Sustainable Use Directive (SUD)’s legislation changes

Sustainable Use Directive

How will the SUD’s new legislation changes affect Groundsmen? Lely’s Neil Adams offers insight and advice

As the Sustainable Use Directive (SUD)’s legislation changes around sprayer testing near, Neil Adams, head of training at Lely UK, explains how it will affect grounds professionals and offers advice on how to prepare.

Coming into effect on 26th November 2016, the SUD requires that all active pesticide application equipment has an NSTS Certificate.

NSTS is the National Sprayer Testing Scheme for the UK and satisfies the sprayer testing requirements of the SUD, which, mandatory throughout the EU, is designed to further enhance the high level of protection achieved through the entire regulatory system for pesticides.

Outlining what the new legislation entails, Neil says: “The NSTS test will become a requirement for all boom sprayers by 2016 under the requirements of the SUD.

“The legislation change applies to all sprayers, aside from knapsack and hand-held,” Neil stresses. “This includes boom, air blast and all vehicle mounted sprayers, as well as ATV mounted and those of less than three metres boom width.”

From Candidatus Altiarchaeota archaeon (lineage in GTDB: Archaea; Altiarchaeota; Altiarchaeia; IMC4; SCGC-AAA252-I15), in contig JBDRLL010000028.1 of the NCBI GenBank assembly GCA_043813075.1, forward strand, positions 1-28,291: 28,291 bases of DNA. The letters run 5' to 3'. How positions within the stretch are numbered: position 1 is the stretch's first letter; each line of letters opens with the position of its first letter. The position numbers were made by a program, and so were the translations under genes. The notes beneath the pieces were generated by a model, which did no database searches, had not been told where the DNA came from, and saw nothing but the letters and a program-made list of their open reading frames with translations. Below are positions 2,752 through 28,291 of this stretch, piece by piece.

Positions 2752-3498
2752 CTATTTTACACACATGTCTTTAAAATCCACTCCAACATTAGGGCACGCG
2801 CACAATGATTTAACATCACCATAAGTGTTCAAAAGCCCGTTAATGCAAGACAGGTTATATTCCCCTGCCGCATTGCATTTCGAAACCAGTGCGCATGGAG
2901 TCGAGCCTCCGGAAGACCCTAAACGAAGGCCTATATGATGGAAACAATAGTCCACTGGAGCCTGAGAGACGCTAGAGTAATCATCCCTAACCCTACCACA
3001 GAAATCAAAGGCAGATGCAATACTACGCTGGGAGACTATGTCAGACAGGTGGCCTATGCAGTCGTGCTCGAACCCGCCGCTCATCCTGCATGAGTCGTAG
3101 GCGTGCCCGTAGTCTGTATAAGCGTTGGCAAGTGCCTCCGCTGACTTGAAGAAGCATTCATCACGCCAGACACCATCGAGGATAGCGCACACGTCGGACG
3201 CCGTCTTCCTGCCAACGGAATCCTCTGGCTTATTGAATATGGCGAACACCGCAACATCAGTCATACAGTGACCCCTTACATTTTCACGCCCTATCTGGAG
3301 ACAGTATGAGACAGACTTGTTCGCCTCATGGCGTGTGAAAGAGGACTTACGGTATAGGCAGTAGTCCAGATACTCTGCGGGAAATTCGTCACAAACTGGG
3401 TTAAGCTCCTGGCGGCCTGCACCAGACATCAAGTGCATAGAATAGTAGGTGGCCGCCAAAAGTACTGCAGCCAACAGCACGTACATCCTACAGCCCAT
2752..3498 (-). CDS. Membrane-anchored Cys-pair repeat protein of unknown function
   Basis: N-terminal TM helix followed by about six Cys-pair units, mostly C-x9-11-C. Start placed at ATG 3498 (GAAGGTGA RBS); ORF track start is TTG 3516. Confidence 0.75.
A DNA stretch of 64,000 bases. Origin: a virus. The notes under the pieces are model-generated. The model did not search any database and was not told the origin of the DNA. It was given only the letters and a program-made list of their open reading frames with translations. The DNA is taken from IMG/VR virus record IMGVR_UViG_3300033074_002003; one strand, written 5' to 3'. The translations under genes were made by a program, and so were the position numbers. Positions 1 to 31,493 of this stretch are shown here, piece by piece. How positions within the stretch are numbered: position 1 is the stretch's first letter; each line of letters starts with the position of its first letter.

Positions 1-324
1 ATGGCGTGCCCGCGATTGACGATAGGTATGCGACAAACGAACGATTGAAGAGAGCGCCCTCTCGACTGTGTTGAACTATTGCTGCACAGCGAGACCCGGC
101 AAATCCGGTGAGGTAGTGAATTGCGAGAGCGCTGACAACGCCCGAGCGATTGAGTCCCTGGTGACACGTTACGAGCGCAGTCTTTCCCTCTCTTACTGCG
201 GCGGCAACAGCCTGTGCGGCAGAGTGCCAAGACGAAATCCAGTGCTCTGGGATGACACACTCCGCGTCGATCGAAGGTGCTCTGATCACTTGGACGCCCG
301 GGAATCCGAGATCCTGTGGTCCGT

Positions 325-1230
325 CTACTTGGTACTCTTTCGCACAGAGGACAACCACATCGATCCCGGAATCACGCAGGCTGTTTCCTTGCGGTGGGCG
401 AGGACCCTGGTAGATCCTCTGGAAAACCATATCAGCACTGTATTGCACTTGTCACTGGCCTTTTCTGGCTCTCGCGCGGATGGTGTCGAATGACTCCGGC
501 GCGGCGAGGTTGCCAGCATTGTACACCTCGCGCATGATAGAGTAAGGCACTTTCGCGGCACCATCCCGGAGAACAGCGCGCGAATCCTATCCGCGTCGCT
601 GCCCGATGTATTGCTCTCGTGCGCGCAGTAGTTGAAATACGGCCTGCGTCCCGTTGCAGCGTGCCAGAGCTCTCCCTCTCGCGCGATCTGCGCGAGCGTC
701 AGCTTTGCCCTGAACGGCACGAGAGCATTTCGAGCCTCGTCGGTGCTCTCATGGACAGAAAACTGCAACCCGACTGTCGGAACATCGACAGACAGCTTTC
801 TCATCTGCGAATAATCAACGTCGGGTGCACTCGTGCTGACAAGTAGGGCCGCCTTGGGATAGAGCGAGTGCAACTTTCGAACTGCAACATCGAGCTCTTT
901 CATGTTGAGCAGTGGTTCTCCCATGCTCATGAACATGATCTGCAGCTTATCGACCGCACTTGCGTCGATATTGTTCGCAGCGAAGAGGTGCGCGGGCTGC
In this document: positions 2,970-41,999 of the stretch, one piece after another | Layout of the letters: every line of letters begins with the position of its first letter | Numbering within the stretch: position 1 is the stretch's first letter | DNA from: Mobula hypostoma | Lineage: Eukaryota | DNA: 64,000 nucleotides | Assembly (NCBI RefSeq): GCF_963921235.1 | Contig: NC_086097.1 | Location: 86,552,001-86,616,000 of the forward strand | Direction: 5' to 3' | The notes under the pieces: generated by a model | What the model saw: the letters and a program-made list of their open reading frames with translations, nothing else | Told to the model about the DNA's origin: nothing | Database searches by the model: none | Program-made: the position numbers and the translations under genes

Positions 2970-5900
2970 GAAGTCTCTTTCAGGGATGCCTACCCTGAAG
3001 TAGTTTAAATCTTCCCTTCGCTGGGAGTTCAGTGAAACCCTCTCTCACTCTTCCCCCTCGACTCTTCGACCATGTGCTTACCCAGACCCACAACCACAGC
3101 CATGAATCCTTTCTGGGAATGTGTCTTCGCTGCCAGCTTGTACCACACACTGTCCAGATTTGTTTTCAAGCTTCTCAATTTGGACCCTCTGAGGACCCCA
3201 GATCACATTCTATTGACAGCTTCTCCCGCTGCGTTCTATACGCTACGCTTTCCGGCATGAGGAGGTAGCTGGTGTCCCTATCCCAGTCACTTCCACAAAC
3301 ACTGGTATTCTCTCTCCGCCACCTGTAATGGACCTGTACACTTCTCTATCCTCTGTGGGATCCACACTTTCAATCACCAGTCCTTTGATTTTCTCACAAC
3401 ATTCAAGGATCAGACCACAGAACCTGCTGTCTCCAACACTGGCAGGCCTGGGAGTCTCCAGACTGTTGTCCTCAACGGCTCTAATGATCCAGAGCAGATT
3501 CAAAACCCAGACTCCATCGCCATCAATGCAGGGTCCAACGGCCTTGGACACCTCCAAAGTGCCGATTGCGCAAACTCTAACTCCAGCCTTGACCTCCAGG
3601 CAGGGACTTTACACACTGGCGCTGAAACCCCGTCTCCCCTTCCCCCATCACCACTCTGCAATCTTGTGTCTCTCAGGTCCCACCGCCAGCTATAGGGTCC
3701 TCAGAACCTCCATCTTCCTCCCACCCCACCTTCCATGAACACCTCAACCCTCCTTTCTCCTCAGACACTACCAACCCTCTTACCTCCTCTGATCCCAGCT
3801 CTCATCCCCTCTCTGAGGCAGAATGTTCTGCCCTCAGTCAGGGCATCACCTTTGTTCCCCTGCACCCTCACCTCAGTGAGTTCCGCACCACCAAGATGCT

By 2020 sprayers of three metres boom width or more with an existing NSTS Certificate must have been tested within the past five years, by which point the requirement for re-testing reduces to every three years.

Sprayers of less than three metres boom width, however, only need to be tested every six years after 2020.

Continuing, Neil outlines the main benefits of sprayer testing: “The test not only ensures the efficiency of your sprayer, reduces costly downtime and creates savings in chemical usage, it also contributes to operator safety and accurate application.”

The comprehensive NSTS test consists of 47 test items – the first 30 of which must be satisfied to receive a pass certificate – and covers all the application components of the sprayer to ensure the machine is working correctly and efficiently with further considerations of safety for the sprayer operative and the environment.

Prior to the sprayer testing legislation changes, pesticide application has been hot topic in the turfcare industry since regulations that implement the SUD came into effect in the UK.

Neil goes on to explain: “Other important updates in the grounds industry include changes in ‘grandfather rights’, which came into effect November 2015.

“Previously, anyone born before 31 December 1964 did not need a specified Certificate of Competence (CoC) to apply professional plant protection products (PPP). As of now, however, everyone requires a CoC to apply pesticides,” he adds.

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